The Department of Environmental Affairs celebrates World Wetlands Day

02 February 2015


The Deputy Minister of Environmental Affairs Ms Barbara Thomson has today 02 February 2015, led the annual World Wetlands Day celebration at the False Bay Nature Reserve, in Cape Town.

The annual celebration aims to, amongst others, raise awareness on the benefits and importance of wetlands as a natural resource in communities. The theme, for this year’s celebrations was: “Wetlands for Our Future – Lets use them wisely, together!”.

World Wetlands Day is an annual event that commemorates the signing of the Convention on Wetlands which took place on 02 February 1971, in the Iranian City of Ramsar. The Ramsar Convention is an intergovernmental treaty that provides the framework for national action and international cooperation for the conservation and wise use of wetlands and their resources.

This year’s key messages focused on the wise use of the wetlands to ensure that they can fully deliver their valuable role in supporting human well-being and biological diversity. It is also important  to highlight that wetlands are under threat due human activities, pollution of water and reduction of water resources and  that these threats could have dire consequences to the environment.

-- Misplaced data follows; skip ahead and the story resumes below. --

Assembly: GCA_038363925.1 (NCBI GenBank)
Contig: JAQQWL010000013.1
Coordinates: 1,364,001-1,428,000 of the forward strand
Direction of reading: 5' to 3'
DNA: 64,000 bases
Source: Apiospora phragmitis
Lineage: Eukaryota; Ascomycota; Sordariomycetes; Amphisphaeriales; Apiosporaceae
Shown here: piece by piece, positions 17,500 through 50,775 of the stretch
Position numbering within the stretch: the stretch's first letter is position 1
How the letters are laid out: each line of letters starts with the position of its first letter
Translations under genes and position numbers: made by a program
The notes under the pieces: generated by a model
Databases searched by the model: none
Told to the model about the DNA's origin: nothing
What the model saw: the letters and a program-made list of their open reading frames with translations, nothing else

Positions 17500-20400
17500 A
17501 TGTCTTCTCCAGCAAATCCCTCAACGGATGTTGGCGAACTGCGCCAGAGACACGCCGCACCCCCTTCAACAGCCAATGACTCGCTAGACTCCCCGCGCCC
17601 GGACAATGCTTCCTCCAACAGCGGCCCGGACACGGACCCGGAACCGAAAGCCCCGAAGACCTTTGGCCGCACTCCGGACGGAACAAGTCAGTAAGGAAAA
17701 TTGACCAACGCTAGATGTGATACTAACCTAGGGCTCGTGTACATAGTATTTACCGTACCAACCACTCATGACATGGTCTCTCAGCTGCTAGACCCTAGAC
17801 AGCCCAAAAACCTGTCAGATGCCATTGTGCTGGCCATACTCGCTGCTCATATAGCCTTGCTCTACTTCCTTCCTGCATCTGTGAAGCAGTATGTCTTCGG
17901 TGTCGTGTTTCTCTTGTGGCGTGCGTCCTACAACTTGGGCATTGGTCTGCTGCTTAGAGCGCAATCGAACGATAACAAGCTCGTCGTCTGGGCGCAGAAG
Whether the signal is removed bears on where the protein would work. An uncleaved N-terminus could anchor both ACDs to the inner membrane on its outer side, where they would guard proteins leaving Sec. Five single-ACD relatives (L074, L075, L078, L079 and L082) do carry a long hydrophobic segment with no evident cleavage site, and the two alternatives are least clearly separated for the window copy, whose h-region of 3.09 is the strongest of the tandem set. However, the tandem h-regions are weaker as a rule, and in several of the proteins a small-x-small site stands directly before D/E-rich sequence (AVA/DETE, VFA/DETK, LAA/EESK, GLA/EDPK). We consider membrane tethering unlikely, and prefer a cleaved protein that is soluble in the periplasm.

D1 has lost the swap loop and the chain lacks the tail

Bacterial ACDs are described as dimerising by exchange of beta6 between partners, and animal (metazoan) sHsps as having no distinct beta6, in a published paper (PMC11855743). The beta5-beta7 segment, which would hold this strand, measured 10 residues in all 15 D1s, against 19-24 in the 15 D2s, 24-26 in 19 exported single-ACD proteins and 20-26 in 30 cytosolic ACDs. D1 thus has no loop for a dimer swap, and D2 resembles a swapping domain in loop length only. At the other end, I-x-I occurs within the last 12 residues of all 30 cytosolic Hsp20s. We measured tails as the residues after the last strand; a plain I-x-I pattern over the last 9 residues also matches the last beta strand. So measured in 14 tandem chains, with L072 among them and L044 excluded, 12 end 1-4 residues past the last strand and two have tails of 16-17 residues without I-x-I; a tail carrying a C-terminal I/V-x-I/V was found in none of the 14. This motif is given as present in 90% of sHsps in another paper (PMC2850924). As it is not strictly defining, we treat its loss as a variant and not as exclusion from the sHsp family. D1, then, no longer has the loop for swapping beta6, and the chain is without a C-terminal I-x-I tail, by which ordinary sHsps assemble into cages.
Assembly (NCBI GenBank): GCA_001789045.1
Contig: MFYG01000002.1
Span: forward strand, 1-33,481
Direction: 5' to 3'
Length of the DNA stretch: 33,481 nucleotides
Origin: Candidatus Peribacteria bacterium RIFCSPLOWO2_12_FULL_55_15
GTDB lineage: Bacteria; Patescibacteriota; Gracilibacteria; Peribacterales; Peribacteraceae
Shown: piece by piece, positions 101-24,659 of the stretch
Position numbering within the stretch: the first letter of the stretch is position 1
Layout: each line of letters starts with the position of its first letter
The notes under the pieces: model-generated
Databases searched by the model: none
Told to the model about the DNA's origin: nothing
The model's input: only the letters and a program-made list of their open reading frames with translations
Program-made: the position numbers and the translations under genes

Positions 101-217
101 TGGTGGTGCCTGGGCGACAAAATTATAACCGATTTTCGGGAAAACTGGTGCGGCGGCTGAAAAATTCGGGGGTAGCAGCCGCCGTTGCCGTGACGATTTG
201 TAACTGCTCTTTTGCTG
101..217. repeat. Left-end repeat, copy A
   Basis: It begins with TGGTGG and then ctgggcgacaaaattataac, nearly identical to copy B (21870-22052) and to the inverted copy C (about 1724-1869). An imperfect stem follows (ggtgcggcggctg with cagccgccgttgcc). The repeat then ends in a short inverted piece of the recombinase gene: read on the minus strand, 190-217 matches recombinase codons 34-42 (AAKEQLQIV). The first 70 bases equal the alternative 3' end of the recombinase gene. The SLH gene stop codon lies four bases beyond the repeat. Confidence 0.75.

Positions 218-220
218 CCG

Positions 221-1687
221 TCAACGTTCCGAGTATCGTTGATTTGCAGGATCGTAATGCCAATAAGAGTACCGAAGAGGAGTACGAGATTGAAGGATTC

Wetlands provide many essential ecosystem services that benefit everyone, rich and poor, urban or rural. These services include provision of food, water purification, storage and supply of freshwater, flood control and storm protection, as well as recreation. Wetlands also provide important benefits for industries, such as forming nurseries for fish, other freshwater and marine life.  With their natural beauty and biodiversity, wetlands also make ideal locations for tourism. The income can be significant and support livelihoods locally and nationally.

Environmental education is a key focus area in the False Bay Nature Reserve, with three environmental education programmes currently running, namely the Zeekoevlei Environmental Education, the False Bay Ecology Park Environmental Education Centre and the Rondevlei Environmental Education Centre.

Around 4 000  to 6 000   learners participate annually in these environmental education programmes, and are educated through field trips and  or bush camps, hands-on environmental activities, displays and talks, as well as reptile and animal shows.

Speaking at the event the Deputy Minister noted that wetlands play a crucial role in contributing towards the economy. “Their value has been assessed economically and the department is appreciating their contribution through our Environmental Programme.  Wetlands are crucial to our national economy and the well-being of all South Africans. When the real value of their free 'service' is calculated, one realises that wetlands earn South Africa millions of rands each year, she said.”

The Deputy Minister was joined by Cllr Johan van der Merwe, and representatives from the premier and mayor’s office, of the City of Cape Town.  Minister Thomson also handed over a Ramsar certificate to the City of Cape Town for the designation of False Bay Nature Reserve as a wetland of international importance.

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